All these adaptations allow marine mammals to conduct most of their diving aerobically. For human freedivers the most strenuous part of the dive is when striking back for the surface. To reach a depth of a hundred metres Trubridge takes only seven kicks before the air in his lungs is compressed to the point that his body becomes negatively buoyant and he can freefall to his target depth. To return, however, requires more than 30 agonising kicks. All his muscles are burning with lactic acid, while his carbon dioxide-laden blood is making his mind see fireworks.

While a capacity to store oxygen in the blood and tissues is crucial, the neurological siren that starts screaming when you’ve been holding your breath too long is triggered by rising carbon dioxide levels, not the lack of oxygen. With practice, the alarm can be ignored for a while without repercussions. Staying calm is key. It’s no surprise that yoga is a crucial part of training for its ability to increase the flexibility not just of the lungs, ribcage and diaphragm, but of the mind.

Despite the physical challenges they confront, both Trubridge and Streeter say that the secret to their abilities is mental. Both grew up in and around the sea, and are only completely relaxed when in the water. For them, the deep-seated comfort that they feel in the water is the most tantalising clue to our ancestral past.

“There are a lot of people out there who could dive deeper than me, but you have to have the lack of fear. It’s not a place that human beings survive for many minutes, there’s a lot to be afraid of — it’s very, very deep,” says Streeter. “But it’s weird what happens to me when I get in… I flick a switch. I feel the protection of the sea.”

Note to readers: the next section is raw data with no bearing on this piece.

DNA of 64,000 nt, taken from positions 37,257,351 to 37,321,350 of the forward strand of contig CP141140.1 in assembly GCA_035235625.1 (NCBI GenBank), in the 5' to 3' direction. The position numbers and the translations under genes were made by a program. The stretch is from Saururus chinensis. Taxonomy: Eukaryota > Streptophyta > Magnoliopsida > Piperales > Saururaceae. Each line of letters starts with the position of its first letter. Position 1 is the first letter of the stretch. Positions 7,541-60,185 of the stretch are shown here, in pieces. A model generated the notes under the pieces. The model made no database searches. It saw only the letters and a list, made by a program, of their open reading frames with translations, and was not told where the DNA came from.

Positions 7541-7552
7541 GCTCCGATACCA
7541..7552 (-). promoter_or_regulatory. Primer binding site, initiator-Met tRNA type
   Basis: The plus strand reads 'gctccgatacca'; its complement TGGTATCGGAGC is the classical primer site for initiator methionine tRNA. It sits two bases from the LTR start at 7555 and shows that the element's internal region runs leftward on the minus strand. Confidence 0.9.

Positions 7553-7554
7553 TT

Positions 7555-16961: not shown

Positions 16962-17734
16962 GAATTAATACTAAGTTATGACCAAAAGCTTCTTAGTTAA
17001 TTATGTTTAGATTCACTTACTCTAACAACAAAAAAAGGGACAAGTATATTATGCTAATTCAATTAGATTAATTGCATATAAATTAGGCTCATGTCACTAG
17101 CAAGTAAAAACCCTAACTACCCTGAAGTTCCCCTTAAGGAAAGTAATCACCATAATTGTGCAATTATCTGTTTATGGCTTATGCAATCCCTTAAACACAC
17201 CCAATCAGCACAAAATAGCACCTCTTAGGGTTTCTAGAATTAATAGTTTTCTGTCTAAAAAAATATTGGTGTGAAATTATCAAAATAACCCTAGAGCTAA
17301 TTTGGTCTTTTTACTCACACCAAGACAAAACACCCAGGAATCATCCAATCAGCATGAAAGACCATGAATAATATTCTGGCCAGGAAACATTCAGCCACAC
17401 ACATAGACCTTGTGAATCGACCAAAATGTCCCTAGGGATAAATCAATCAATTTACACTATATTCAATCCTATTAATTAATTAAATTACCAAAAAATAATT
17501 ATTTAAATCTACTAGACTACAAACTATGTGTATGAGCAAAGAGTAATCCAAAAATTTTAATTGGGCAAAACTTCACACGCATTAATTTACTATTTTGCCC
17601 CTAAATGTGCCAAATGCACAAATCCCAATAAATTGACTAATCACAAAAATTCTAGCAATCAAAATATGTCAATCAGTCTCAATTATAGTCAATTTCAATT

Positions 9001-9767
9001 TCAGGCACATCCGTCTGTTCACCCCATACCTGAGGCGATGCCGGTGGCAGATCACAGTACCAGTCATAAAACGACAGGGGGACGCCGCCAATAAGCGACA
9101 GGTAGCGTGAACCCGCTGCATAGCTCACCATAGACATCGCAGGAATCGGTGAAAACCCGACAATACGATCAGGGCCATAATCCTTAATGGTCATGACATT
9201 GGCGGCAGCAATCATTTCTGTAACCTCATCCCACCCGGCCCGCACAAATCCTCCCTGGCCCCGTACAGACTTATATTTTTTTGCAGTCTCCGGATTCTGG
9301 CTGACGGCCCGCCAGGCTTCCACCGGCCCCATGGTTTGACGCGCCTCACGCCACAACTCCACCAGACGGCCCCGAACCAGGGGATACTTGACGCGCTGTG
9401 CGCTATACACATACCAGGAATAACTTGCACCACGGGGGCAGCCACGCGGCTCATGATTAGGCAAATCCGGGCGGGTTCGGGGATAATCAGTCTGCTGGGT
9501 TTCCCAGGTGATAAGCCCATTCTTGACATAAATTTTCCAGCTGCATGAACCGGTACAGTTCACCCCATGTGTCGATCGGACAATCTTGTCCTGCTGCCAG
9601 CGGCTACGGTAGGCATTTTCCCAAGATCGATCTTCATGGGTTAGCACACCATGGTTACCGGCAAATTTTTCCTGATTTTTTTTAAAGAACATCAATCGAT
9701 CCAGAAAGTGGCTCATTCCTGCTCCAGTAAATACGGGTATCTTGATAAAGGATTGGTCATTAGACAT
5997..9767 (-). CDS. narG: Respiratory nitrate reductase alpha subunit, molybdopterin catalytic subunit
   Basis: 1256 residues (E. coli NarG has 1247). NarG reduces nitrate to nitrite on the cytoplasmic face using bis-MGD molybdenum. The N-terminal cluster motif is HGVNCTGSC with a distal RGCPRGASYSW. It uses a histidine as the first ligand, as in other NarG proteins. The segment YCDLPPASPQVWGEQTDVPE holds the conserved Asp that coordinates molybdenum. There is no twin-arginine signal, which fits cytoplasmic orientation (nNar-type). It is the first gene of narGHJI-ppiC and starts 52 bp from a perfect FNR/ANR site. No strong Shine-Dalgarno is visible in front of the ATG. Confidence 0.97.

Listen to Frank’s interview with William Trubridge in the ‘exclusive audio’ tab

 

Dive gauge

As depth increases, so does the hostility of the conditions (Depth | Temp | Pressure)

 

0m | 20C | 1 bar

At the surface of the ocean the pressure is equivalent to 1kg on a single fingernail

10m | 19C | 2 bar

80% of light absorbed. Pressure same as in a car tyre. Scuba leisure dive limit is 40m

50m | 18C | 6 bar

No red light. Pearl diver max depth. Record non-assisted freedive by a woman: 66m

100m | 17C | 11 bar

Pressure same as espresso machine. Record non-assisted freedive: 101m (Will Trubridge)

150m | 16C | 16 bar

99% of light absorbed. Record assisted free-dive by a woman: 160m (Tanya Streeter)

200m | 15C | 21 bar

Translucent blue. Record assisted freedive: 214m (Herbert Nitsch). Scuba record: 318m

500m | 8C | 51 bar

Pressure same as a small fridge on a single fingernail. Max depth of Navy sub is 600m

1,000m | 4C | 101 bar

Total darkness, only bioluminescence exists. Max dive depth of elephant seal: 1,256m

2,000m | 3C | 201 bar

Max dive depth of sperm whales (deepest diving air-breathing animals): 2,250m